Dilley, Texas Pro Bono Project
El Salvador, Haiti, Venezuela, Mexico, Colombia, China, and Honduras.
Women and Children
Families fleeing violence and threats of death arrive to the U.S. border to seek asylum. For many, the asylum process starts with the applicants’ detention in centers across the United States. Mothers with children are often detained in “family residential” centers, such as the South Texas Family Residential Center (STFRC) of Dilley, Texas. These families, including infants, are detained for several days and sometimes weeks pending the result of their Credible Fear Interview. Throughout the past several years, there has been an attack on legal immigration, including on those families seeking asylum. Last summer, we saw families being separated at the border and children being torn from parents to go to a separate detention facility while their parents were being criminally prosecuted for coming to the United States.
After learning about the conditions these families were facing, lawyers at the Mdivani Corporate Immigration Law Firm, including Leyla McMullen, Danielle Atchison, Mason Ellis and Mira Mdivani decided to travel to the STFRC to volunteer with the Dilley Pro Bono Project. Many lawyers in the Missouri/Kansas AILA chapter have volunteered at ICE jails holding immigrant women and children, doing the work that Rekha Sharma-Crawford calls protecting humanity. In February 2019, answering AILA’s call, all four lawyers at our firm traveled to Dilley, Texas to do pro-bono work assisting the women and children in preparing for their Credible Fear Interviews. In these interviews, the asylum seekers must convince the USCIS officer that their life and/or their children’s lives would be in legitimate danger – that fits within the limited categories protected by asylum law – if forced to return to their home country. We spent hours with mothers and children to ensure they could understand their claims. We listened to their stories, and we explained to them their rights and the legal procedure happening around them.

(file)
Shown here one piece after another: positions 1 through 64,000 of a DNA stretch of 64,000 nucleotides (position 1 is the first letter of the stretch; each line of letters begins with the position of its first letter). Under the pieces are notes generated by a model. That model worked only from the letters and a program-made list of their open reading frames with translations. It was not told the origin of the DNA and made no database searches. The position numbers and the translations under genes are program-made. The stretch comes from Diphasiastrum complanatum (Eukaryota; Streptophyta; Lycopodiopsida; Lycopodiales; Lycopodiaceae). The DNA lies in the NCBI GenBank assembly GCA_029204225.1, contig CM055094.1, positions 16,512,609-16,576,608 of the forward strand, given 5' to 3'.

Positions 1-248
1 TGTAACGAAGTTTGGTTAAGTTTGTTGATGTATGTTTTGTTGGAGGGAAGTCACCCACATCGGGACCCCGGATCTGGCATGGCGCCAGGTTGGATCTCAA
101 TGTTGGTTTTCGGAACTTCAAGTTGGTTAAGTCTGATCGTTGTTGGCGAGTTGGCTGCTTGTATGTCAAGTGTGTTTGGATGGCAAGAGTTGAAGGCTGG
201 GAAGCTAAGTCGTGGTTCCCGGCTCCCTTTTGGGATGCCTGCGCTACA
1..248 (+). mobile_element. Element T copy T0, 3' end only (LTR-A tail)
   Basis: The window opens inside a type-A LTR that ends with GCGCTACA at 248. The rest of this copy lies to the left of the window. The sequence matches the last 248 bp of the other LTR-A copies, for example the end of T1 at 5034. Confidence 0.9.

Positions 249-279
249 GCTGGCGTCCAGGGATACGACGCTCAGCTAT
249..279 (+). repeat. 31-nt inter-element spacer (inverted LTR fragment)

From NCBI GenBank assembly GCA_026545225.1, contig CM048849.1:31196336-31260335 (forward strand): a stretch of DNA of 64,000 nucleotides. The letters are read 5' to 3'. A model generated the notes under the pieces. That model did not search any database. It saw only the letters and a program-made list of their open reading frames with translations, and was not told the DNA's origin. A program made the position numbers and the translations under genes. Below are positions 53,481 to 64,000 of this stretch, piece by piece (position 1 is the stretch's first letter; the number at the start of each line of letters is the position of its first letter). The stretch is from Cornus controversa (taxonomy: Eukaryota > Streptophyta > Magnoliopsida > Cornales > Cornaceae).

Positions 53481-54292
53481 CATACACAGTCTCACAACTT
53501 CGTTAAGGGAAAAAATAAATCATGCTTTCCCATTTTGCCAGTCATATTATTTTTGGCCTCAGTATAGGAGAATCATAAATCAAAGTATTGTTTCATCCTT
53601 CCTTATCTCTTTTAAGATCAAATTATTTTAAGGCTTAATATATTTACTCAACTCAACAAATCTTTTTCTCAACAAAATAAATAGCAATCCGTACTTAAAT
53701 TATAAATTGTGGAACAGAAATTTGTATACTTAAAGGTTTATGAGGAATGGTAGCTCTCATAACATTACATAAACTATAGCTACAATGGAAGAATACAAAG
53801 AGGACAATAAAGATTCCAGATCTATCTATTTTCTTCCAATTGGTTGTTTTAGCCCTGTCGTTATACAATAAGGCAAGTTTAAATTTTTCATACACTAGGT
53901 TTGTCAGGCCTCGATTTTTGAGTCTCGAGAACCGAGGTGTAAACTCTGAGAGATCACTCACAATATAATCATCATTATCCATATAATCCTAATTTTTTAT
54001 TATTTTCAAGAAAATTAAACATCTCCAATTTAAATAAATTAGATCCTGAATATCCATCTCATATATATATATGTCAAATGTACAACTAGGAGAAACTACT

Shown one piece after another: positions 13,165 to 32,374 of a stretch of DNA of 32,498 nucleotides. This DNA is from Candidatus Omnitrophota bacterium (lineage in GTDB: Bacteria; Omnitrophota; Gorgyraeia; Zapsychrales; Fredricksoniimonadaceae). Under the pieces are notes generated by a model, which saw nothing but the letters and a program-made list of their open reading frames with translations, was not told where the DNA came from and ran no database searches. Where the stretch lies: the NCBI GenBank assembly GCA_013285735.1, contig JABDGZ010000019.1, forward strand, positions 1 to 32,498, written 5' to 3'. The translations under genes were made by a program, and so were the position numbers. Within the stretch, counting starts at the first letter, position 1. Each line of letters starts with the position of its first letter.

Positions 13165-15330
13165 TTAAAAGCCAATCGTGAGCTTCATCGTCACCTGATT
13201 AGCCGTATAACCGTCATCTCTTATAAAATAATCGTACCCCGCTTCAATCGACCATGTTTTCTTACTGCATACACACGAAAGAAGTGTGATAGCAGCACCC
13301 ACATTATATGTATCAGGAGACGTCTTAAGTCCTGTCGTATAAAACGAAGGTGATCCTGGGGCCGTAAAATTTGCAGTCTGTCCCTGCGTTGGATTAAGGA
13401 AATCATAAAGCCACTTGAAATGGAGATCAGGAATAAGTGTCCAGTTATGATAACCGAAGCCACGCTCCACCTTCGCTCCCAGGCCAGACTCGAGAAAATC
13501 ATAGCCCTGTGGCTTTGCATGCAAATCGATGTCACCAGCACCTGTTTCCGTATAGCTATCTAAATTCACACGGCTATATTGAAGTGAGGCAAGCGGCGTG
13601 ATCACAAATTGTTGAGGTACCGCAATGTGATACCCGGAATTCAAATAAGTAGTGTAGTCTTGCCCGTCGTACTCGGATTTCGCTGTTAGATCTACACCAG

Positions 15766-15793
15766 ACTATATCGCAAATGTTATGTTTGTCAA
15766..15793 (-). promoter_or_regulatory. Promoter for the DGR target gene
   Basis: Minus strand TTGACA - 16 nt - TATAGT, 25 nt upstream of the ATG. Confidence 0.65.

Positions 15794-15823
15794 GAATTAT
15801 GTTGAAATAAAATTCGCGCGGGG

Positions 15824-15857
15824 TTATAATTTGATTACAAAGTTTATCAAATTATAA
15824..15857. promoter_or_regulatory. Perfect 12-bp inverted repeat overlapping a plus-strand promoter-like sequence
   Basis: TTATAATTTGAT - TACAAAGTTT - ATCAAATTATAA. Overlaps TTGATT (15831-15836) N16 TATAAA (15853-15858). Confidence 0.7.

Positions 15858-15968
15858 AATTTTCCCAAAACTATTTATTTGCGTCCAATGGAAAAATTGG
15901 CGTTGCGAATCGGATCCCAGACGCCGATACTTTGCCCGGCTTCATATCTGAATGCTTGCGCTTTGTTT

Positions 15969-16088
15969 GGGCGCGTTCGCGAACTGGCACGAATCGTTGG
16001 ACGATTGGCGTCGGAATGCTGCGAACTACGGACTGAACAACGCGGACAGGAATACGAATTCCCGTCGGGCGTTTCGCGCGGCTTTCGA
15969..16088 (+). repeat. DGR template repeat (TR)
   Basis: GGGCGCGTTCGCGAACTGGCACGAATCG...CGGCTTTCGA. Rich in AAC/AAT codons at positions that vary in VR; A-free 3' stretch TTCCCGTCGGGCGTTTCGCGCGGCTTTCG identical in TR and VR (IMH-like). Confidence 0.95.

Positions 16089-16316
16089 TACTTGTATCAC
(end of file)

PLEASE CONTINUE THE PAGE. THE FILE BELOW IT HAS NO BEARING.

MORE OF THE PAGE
In Dilley, we learned first-hand about the relentless persecution, violence, grief, and injustices experienced by the women and children we represented. We also clearly saw that having lawyers prepare and represent them in the asylum process can literally make a difference between life and death. We encourage everyone who has not made it to Dilley or other ICE detention facilities to take the leap and volunteer. Steve Kirschbaum volunteered in Dilley with us as well, even though he has retired (this is what awesome people do when they retire)! We would also like to thank Angela Williams, who gave us training before we left for Dilley, and our Chapter Chair Ken Schmitt, for his excellent and moving send-off.
We are thankful we had the opportunity to serve in Dilley, and we are forever grateful to our supportive business clients who encouraged us to participate in this very important pro bono project.
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